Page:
In a real shocker, Statistics Canada announced this morning that employment dropped by 51,600, retracing most of the 54,100 gain in July. Economists had been expecting a much stronger number, but the Labour Force Survey is notoriously volatile, and job gains continue to average 14,000 per month over the past year. Full-time employment growth has run at about twice the pace at an average monthly increase of 27,000. Labour markets remain very tight across the country.
The unemployment rate returned to its June level of 6.0%, ticking up from 5.8% in July. July’s jobless figure matched a more than four-decade klow. At 6.0%, the unemployment rate is 0.2 percentage points below the level one year ago.
All of the job loss last month was in part-time work, down 92,000, while full-time employment rose by 40,400. The strength in full-time jobs is a sign that the labour market is stronger than the headline numbers for August suggest.
On a year-over-year basis, employment grew by 172,000 or 0.9%. Full-time employment increased (+326,000 or +2.2%), while the number of people working part-time declined (-154,000 or -4.3%). Over the same period, total hours worked were up 1.6%.
Statistics Canada commented that monthly shifts in part-time employment could result from movements between part-time and full-time work, the flux of younger and older workers in and out of the labour force, changes in employment in industries where part-time work is relatively common, or deviations from typical seasonal patterns.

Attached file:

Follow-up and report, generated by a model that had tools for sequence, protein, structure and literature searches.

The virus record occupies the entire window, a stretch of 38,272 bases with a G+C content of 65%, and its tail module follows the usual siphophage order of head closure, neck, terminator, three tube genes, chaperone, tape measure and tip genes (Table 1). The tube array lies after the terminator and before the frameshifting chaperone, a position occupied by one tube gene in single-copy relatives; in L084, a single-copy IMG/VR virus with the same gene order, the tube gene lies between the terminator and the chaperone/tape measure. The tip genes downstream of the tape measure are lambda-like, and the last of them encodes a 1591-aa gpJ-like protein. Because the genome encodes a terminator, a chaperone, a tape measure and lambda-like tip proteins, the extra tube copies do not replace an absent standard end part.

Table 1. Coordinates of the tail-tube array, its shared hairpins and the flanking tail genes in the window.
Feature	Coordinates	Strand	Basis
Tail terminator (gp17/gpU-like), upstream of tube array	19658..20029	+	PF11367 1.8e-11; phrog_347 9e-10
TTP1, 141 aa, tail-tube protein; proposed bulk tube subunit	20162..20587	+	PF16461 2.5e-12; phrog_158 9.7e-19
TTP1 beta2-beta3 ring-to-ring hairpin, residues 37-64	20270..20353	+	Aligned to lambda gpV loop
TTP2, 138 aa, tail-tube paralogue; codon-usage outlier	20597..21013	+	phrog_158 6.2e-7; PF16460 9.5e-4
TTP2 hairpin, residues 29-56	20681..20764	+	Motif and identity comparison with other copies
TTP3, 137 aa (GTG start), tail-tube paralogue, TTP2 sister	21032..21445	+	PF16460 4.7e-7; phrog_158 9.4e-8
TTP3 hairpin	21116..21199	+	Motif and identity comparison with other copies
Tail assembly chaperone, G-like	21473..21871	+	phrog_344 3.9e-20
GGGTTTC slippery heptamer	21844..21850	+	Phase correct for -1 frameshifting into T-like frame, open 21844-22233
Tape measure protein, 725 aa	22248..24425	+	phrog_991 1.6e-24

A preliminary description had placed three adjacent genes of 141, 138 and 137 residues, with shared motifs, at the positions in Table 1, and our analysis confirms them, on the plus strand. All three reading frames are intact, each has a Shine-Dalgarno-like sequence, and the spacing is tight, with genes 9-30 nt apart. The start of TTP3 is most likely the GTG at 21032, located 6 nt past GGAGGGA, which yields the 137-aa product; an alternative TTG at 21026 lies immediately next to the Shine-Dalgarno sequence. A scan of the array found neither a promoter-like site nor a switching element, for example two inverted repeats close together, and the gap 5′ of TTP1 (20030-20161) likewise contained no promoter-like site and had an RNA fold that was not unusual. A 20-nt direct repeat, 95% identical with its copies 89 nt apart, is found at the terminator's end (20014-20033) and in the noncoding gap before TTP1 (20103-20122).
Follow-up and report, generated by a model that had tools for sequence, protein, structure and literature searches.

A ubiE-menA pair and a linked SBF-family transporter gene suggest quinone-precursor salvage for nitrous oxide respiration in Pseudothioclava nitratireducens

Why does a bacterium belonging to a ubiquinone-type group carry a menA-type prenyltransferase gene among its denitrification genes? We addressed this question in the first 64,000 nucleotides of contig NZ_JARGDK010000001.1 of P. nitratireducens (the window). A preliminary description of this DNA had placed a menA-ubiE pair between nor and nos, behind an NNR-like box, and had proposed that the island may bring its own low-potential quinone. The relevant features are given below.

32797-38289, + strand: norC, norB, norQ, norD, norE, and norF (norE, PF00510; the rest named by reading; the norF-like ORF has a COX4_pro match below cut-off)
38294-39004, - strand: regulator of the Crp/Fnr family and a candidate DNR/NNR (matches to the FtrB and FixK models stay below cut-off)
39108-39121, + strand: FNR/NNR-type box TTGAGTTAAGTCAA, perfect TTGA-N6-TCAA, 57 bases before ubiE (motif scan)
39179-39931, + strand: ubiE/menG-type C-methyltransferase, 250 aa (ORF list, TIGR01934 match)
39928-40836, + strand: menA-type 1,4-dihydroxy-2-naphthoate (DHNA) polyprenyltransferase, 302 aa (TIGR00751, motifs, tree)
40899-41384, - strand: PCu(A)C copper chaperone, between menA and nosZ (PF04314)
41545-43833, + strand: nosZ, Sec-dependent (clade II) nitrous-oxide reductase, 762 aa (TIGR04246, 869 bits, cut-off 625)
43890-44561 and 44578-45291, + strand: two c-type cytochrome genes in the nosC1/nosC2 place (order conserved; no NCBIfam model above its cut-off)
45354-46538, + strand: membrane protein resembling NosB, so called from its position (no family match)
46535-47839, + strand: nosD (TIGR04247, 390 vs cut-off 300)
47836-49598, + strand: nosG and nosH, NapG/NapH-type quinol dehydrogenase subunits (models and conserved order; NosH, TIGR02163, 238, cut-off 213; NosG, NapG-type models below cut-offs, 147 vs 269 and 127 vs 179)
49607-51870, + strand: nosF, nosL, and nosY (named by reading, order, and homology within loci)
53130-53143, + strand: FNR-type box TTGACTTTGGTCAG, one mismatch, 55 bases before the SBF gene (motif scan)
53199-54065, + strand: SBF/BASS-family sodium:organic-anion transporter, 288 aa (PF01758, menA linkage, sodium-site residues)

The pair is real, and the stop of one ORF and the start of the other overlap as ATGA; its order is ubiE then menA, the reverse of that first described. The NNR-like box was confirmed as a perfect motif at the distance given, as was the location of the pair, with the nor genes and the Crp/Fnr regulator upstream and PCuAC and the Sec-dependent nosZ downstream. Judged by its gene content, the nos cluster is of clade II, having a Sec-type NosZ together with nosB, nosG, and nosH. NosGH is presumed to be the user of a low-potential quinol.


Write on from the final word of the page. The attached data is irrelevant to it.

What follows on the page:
By industry, the decline was broadly based and included a loss of 16,400 jobs in construction and 22,100 in the professional services sector. The number of people working in wholesale and retail trade declined by 20,000, driven by Quebec and Ontario.
Job losses were huge in Ontario as employment increased in Alberta and Manitoba. Employment was little changed in the other provinces.
After two consecutive monthly increases, employment in Ontario fell by 80,000 in August, which was the province’s most significant job loss since 2009. All of the decline was in part-time work. On a year-over-year basis, Ontario employment increased by 79,000 (+1.1%). The Ontario unemployment rate rose 0.3 percentage points in August, to 5.7% (see table below).
In Ontario, full-time employment held steady compared with the previous month, with year-over-year gains totalling 172,000 (+3.0%). Part-time jobs fell by 80,000 in August, following a roughly equivalent rise in July. In the 12 months to August, part-time work decreased by 93,000 (-6.7%).
Employment in Alberta rose by 16,000, and the unemployment rate remained at 6.7% as more people participated in the labour market. Compared with August 2017, employment grew by 53,000 (+2.3%), mostly in full-time work.
In Manitoba, employment rose by 2,600, driven by gains in part-time work, and the unemployment rate was 5.8%. On a year-over-year basis, employment in the province was unchanged, while the unemployment rate increased 0.8 percentage points as more people looked for work.
In British Columbia, employment edged up and the unemployment rate increased 0.3 percentage points to 5.3% as more people searched for work. Compared with a year earlier, employment was virtually unchanged.